This week we bring you a second piece from a Starbucks worker about a firing, following Work to Rule. Part of struggle is not only the lessons and strategies, but also the experiences and the real life costs that occur when we start to take action. This submission succinctly takes us though one woman’s experience that ended too soon.
I think back to the last I worked at Starbucks on 80th and York, and recall what a beautiful day it was outside, that day was a nice break from the harsh winter we had this past year. As I walked into the store that day, I just couldn’t shake the feeling that something was not right. However I still clocked in for my shift at 2:15 pm to close the store with one of new supervisors, put on the “happy barista persona” required of me, and went on the floor to work. About 15 minutes after I had clocked in I watched my supervisor Margret waltz in (15 minutes late and out of dress code) with her sister (another Starbucks partner) in tow, she had the most confused look on her face at the site of me. She said to me “Lyssa are you closing?” I looked at her with an even more confused face and responded to her. “Yeah I am. Why?” To which she replied, “So why did Jennifer have me bring my sister in to close?”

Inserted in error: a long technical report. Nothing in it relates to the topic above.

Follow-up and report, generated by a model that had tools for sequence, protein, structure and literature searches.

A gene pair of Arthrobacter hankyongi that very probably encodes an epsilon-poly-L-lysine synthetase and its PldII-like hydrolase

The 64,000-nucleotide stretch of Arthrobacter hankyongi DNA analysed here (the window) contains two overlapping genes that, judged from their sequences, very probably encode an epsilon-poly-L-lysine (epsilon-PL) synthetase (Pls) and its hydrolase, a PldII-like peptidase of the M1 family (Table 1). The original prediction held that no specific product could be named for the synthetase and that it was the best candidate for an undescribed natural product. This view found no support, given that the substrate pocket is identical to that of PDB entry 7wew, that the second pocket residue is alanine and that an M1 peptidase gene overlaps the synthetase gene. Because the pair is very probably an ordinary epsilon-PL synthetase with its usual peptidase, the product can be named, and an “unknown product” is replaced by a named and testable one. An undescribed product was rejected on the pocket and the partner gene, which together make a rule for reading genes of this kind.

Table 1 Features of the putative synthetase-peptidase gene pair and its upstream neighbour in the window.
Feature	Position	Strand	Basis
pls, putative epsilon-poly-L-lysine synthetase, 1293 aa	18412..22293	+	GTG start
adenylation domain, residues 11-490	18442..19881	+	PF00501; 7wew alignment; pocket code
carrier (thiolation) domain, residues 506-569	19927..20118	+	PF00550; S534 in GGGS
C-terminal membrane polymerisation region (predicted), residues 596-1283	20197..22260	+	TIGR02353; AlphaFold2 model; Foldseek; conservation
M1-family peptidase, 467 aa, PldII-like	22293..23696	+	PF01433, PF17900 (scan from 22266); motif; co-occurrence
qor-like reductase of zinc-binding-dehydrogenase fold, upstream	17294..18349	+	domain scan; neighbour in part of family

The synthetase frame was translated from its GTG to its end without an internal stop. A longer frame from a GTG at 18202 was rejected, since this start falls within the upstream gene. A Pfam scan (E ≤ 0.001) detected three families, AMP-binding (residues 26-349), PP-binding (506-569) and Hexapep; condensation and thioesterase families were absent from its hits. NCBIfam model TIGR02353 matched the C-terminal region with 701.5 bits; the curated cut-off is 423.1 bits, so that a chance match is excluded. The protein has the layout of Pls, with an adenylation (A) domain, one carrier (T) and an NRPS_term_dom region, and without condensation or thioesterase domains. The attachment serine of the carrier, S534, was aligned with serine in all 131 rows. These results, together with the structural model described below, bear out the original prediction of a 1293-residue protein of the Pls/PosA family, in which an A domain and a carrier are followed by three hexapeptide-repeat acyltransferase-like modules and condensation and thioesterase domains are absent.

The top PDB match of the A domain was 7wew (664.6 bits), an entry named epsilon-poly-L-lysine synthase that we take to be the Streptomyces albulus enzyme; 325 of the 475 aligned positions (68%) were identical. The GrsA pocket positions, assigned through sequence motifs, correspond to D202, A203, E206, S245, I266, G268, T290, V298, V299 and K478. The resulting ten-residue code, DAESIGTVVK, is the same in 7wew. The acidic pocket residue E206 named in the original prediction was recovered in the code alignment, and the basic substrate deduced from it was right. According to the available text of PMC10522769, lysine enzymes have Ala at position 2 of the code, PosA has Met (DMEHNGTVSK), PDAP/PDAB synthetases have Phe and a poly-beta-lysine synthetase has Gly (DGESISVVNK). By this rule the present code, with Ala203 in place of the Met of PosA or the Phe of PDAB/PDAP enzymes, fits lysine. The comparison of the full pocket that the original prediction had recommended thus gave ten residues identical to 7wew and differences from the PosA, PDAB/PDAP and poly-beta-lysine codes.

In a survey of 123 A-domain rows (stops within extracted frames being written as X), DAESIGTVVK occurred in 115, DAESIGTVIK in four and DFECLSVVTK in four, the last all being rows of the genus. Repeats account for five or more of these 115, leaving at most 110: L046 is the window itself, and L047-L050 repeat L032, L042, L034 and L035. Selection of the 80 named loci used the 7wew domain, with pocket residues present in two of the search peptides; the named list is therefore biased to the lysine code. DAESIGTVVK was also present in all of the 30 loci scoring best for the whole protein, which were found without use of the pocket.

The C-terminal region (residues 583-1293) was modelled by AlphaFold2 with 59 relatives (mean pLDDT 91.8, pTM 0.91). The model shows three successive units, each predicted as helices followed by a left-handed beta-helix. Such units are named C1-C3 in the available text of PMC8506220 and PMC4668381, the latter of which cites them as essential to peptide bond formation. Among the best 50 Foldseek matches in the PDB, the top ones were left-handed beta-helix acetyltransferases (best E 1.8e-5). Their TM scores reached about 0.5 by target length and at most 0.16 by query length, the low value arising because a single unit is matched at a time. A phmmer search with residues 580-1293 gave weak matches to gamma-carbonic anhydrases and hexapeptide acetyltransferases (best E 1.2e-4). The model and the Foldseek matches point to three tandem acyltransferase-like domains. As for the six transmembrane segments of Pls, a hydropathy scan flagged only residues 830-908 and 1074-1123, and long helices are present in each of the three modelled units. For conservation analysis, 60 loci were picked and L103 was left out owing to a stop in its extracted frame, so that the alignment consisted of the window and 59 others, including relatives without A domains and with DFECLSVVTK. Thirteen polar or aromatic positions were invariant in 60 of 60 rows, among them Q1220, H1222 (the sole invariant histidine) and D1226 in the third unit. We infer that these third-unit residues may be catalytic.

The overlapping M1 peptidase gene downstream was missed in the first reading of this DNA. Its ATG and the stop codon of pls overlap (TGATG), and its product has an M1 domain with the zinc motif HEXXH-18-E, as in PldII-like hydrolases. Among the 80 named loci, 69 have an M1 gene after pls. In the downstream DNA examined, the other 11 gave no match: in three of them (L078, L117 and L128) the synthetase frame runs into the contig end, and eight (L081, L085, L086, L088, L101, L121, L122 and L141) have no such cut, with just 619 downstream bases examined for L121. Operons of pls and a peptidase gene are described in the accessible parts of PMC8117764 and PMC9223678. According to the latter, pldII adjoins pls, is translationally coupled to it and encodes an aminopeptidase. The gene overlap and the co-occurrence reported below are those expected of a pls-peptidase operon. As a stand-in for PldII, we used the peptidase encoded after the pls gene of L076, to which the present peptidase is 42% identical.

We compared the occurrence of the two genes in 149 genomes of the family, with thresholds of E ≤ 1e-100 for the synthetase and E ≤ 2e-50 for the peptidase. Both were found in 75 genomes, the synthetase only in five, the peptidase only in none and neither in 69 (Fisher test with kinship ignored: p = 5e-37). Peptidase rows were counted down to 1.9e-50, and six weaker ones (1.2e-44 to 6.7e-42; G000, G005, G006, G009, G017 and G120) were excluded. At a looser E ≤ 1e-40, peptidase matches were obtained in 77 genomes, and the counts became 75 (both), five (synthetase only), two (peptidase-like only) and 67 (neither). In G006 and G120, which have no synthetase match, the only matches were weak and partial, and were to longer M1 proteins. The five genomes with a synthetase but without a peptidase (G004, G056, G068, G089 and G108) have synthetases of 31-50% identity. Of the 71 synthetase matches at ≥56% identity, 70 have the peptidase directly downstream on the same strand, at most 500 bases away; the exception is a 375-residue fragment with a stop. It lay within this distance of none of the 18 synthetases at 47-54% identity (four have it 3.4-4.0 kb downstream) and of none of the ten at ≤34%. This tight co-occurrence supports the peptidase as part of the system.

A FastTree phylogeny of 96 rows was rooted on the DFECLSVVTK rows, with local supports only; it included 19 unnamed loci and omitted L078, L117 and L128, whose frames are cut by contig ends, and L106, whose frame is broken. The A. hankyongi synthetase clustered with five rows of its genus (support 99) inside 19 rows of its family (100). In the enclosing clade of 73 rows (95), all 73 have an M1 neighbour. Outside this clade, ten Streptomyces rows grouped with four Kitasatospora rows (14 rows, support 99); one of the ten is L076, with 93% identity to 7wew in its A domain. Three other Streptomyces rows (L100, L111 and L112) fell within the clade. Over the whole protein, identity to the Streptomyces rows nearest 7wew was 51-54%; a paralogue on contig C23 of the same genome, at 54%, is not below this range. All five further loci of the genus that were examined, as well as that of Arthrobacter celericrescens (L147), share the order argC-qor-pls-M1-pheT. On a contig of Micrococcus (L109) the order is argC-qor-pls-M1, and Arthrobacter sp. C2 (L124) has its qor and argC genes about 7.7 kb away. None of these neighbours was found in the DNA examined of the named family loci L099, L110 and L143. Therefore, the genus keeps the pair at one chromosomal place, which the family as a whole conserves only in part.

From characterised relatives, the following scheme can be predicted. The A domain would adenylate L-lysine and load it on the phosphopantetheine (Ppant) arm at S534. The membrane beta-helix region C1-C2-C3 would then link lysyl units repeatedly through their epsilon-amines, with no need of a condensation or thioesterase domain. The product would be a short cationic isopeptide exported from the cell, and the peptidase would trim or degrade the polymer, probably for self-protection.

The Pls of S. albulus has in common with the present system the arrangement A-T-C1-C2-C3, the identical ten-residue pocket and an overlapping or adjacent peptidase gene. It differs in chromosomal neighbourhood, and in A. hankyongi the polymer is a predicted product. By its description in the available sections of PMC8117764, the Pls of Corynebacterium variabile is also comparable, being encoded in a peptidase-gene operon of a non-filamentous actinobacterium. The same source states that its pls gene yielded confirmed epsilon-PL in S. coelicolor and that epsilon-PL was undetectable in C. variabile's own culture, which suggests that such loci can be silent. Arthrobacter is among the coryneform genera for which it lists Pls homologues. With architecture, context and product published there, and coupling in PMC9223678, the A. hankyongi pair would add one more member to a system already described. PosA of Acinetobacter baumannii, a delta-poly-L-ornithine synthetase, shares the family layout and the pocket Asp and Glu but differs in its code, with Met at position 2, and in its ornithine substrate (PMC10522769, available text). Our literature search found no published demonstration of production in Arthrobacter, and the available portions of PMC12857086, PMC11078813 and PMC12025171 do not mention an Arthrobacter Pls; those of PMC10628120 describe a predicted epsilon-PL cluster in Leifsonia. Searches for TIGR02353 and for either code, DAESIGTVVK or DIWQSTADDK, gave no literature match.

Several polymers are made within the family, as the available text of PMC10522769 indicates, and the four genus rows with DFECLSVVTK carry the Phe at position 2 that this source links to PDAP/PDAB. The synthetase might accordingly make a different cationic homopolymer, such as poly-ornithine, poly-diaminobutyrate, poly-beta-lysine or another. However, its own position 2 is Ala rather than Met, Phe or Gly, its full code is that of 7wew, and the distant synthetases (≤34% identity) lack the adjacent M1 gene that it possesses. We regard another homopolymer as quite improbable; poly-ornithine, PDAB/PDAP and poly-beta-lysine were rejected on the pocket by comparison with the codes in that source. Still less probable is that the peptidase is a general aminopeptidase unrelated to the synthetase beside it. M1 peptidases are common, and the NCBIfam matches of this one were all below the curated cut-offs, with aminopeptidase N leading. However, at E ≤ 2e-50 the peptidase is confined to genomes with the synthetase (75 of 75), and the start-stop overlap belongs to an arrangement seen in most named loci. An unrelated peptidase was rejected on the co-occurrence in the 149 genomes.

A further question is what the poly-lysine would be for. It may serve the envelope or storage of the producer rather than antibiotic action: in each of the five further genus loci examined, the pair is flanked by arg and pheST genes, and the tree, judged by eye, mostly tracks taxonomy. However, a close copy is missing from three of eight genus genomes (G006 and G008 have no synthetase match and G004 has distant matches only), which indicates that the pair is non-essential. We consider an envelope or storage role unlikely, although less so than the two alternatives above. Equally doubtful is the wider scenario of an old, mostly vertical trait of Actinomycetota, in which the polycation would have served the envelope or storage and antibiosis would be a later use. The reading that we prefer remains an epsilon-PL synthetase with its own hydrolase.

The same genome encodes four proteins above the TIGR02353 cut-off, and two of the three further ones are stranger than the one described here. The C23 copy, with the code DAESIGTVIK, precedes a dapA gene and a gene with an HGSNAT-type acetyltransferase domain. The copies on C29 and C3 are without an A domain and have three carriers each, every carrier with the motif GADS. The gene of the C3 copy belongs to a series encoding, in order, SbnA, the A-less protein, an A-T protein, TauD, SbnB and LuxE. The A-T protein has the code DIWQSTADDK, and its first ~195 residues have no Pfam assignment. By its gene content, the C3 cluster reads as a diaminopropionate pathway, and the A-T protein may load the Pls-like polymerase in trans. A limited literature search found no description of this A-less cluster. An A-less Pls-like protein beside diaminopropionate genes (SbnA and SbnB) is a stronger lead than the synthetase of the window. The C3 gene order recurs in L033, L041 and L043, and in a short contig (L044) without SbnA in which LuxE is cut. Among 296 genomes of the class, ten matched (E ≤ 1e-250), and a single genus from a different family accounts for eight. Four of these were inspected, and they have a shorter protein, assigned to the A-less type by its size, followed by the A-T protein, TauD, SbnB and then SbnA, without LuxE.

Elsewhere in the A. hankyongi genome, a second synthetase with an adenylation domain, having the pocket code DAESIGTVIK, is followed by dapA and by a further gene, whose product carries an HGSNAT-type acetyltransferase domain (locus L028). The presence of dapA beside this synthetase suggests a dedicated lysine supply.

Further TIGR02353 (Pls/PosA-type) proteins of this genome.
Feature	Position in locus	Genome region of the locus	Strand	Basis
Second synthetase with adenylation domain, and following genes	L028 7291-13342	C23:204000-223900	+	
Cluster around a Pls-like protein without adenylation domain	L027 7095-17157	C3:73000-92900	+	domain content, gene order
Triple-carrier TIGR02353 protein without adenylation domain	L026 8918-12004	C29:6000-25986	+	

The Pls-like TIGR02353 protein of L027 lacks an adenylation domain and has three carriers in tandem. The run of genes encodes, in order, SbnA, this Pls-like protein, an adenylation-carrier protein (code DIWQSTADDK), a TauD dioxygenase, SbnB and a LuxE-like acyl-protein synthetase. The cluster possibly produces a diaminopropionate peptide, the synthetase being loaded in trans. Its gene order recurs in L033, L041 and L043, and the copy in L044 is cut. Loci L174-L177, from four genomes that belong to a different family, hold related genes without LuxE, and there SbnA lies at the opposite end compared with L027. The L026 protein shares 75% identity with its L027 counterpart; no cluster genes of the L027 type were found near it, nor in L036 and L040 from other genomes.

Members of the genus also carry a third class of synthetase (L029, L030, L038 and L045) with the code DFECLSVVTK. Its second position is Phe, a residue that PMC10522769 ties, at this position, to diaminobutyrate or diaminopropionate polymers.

This week’s piece comes to us from a Starbucks worker and member of the IWW. She describes what happened when an incompetent bosses crossed the line, and the workers came together to assert themselves. The author describes the tactic of working-to-rule, or following all of managements often incoherent rules that inevitably slows work to a crawl without disobeying any directives. Key to this experience was not only the grievances or tactics which are worth discussing in their own right, but also the perception of power and inspiration that the workers expressed. This is a common theme in worker organizing and often passed over when it remains at the center of the hearts and minds of people standing up against perceived injustices.